We ate dinner outside last night. It was 28 degrees (-2 C).
My brother and sister-in-law, who live upstate, came down to visit their son. Our nephew lives just ten blocks north of us so we made plans to all eat together outdoors.
We made our way down to an Italian restaurant which is just a few blocks south of us. They have a particularly deep kind of veranda with an overhang in front. They have enough space to be able to set up two rows of tables with enough distance between them and still keep the sidewalk clear.
It looks like the front porch of a southern estate.
Their outside structure has been there ever since Michael and I have lived up here, but they’ve recently added plexiglass below the railing while keeping the space above it open. What that does is stop the breeze from blowing below the tables while keeping the air moving on top.
We sat at one of the outer tables and while there were some other people at the other end of the space, by the time our meal was over, we were the only diners there.
Michael and I got there first, so we sat with our backs to the street, leaving the three seats closest to the standing propane heater that had been placed between the tables for our family.
It is hard to tell what to wear these days while eating outside. My parka is so heat efficient that I can only wear a short sleeve shirt underneath it. Knowing that it was likely to be chilly even with heaters, I brought a hoodie with me in my backpack to wear once I’d taken my coat off. Once we were seated and I realized that my back was to the street, and, therefore, the breeze, I ended up leaving my parka on for the whole meal.
I left the hoodie in the backpack which I put on the ground leaning against the plexiglass. Piles of snow were packed up against it on the other side.
We had a great meal. Once we were seated and started eating, we all took our masks off. In between courses, some of us put them back on but that was more to warm our noses up than anything else.
It wasn’t nearly as unwieldy eating a meal while wearing my parka as I feared. After a few minutes, I forgot all about it. The cutlery was ice-cold, but it warmed up as we started eating. We all joked about not putting our tongues on it.
Afterwards, when Michael and I were talking about it, the only thing that we might have done differently would be to get disposable boot/mitten warmers for our toes. Under the table, blocked from the heat, our feet got pretty cold. Afterwards, we made our way down to Rockefeller Center to see the tree which warmed them up somewhat as we moved.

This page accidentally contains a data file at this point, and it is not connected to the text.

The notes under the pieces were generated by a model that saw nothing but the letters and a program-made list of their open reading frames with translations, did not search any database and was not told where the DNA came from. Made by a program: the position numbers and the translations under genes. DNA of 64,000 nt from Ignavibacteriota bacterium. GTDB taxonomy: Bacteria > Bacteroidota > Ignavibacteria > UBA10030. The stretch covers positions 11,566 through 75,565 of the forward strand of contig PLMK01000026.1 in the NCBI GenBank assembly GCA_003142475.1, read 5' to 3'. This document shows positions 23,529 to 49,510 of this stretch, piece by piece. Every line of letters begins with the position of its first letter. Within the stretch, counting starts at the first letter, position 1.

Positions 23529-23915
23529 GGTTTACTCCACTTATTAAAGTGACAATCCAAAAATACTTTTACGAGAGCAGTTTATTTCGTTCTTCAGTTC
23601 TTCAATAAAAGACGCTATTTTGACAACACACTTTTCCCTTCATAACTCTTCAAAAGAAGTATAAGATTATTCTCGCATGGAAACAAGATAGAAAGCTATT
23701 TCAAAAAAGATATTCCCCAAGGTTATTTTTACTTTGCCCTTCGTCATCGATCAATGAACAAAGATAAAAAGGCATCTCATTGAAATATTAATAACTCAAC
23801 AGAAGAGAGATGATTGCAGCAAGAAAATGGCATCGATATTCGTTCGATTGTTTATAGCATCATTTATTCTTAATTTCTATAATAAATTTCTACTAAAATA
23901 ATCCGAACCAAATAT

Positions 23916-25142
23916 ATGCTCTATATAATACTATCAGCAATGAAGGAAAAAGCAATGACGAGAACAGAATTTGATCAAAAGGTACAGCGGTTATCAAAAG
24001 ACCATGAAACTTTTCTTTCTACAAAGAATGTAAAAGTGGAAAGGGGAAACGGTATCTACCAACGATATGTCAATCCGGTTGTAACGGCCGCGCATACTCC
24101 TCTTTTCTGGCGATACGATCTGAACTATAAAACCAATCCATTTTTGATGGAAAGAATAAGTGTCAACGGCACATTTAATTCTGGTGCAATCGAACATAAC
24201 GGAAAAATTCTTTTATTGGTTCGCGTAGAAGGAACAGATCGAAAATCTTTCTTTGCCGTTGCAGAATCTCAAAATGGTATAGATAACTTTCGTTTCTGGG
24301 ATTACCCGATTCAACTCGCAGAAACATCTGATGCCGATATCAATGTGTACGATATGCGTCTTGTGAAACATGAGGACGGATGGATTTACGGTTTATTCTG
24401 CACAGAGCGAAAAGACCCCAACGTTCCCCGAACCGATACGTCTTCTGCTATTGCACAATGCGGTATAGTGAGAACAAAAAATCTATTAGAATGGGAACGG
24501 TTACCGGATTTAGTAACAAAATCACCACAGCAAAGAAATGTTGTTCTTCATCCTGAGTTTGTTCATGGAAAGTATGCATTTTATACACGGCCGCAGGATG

Last Saturday, some friends and I went to see the tree. It was a much warmer evening and at 6pm when we went, the streets around the plaza were pretty packed.
The crowd was interesting because they all seemed to be New Yorkers. Usually in crowds like that you can hear hundreds of different languages, these days, however, you mostly hear just English and Spanish.
There were so many people last week that we ended up just getting out of there. None of us were comfortable being around them all. Last night, I suggested that we eat early and then go downtown to look at the tree later which turned out to be a good idea.
There were certainly some people there, but it was possible to navigate the sidewalks in front of the Saks windows and along the Rockefeller Center Plaza and still keep away from folks. It felt OK.
I would be interested to know whether the restaurant felt that being open last night was worth it. It doesn’t seem possible that the five of us along with the few people who were there when we arrived would have even really covered their operating costs.
As Michael and I navigate through the city, we are trying to be aware of which restaurants seem safe so that we have options. The place where we ate last night is very lucky to have so much outside space because of how the building that rises above it was designed. Not all of them are so fortunate.
They also let us a reserve a table beforehand. We are finding that very few places will accept reservations these days - especially for groups of five or six.